The Philippines increased its exports to the European Union (EU) by 27 percent in the first six months of 2015 by utilizing the EU Generalized System of Preferences Plus (EU-GSP+).
The EU-GSP+ allows exporters from developing economies to pay either less or zero duties on shipments to the EU. The Philippines got a preferred-country status in December 2014.
In the first six months of 2015, Philippine exports under the EU-GSP+ amounted to €743 million, up 27 percent from €584 million a year earlier via the regular EU-GSP, according to the first EU-GSP+ monitoring report by the European Commission (EC).
“The country’s beneficiary status under the EU-GSP+ is a result of what was a fruitful collaboration among the government, private and labor sectors, and industries. We urge local businesses to continue expanding their market presence and establish a stronger foothold in the EU market,” said Trade and Industry Secretary Adrian Cristobal Jr.
Through the EU-GSP+, the Philippines can export 6,274 eligible products duty-free to the EU market.
Under the regular EU-GSP, only 2,442 Philippine products were able to enter the EU duty-free and 3,767 products were given lower tariffs.
Since the country became a part of the EU-GSP scheme, the DTI said it has staged 180 consultations and information sessions on “Doing Business with the European Union using the GSP+.” These were held in Cebu, Davao, General Santos City, and Angeles City or the major sources of Philippine exports.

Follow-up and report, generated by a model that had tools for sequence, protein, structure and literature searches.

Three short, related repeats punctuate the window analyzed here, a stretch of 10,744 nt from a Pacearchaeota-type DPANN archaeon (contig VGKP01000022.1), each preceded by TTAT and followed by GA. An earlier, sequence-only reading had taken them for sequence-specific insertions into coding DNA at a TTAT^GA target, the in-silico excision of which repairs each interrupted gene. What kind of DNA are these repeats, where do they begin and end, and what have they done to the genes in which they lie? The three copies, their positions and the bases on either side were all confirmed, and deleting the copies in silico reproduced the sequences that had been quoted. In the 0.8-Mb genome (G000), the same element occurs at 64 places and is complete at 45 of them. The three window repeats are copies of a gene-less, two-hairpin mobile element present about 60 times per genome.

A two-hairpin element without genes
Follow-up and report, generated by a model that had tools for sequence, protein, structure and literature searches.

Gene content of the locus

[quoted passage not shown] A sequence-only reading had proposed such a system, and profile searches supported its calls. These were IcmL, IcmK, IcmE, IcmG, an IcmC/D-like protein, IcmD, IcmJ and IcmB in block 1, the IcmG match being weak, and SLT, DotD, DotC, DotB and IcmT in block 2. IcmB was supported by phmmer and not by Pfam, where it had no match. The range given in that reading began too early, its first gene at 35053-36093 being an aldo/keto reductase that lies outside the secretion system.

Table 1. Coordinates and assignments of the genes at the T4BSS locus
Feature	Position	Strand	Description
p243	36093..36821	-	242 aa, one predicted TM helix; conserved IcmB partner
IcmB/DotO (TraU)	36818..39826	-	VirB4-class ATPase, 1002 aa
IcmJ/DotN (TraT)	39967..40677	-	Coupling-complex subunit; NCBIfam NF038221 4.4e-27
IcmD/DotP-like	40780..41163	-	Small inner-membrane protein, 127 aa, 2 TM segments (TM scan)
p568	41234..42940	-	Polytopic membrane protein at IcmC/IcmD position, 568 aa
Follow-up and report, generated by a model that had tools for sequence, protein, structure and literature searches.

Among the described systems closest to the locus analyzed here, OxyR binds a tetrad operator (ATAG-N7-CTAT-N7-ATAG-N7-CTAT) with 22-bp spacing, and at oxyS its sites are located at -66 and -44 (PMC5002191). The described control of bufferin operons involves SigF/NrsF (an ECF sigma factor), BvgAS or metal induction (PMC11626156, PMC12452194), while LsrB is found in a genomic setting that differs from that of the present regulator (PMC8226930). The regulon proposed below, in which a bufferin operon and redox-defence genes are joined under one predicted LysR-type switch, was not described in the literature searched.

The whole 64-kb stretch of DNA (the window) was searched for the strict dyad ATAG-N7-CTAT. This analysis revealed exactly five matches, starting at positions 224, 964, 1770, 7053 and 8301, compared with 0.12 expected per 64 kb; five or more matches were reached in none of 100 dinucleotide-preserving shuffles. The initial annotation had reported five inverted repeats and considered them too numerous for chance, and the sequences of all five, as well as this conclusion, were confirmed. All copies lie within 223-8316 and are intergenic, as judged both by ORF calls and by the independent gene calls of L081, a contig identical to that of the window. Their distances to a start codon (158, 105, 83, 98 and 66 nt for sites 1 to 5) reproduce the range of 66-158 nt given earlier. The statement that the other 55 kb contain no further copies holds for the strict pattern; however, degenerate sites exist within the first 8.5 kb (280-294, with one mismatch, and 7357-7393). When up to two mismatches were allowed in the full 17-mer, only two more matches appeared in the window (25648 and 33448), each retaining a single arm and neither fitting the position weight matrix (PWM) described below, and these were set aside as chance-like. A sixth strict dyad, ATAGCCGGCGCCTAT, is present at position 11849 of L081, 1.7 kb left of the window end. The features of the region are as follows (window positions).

According to EU report, the Philippines has made good progress on implementing the commitments under the EU-GSP+. The country ratified and implemented 27 international treaties and conventions on human rights, labor rights, environment and governance.
These were the requirements for the Philippines to fully take advantage of the tariff scheme.
Trade Undersecretary Ceferino Rodolfo said the EU-GSP+ is enabling the Philippines to sustain and nurture its trade and investment ties with the Eurozone.
“While we are making headway in our commitments under the GSP+, we will continue to build competitiveness locally while encouraging foreign companies to invest or consider investing in the Philippines,” Rodolfo said.
He said “competitiveness builds confidence and the capacity to innovate, pursue leads, seal deals, and deliver.”
The DTI said it has been working hand-and-hand with the Department of Labor and Employment (DOLE) to improve the working conditions in the tuna industry and facilitating the accreditation of garment manufacturers for their products to get preferential treatment from the EU.
The EU is the Philippines’ fourth largest trading partner, third largest source of imports, and fourth biggest export market.
Under the EU-GSP+, the Philippines ships crude coconut oil, canned tuna, pneumatic tires, spectacle lenses, relays, preserved fruits, board and similar cabinets for electric control or the distribution of electricity, and ballasts for electric lamps.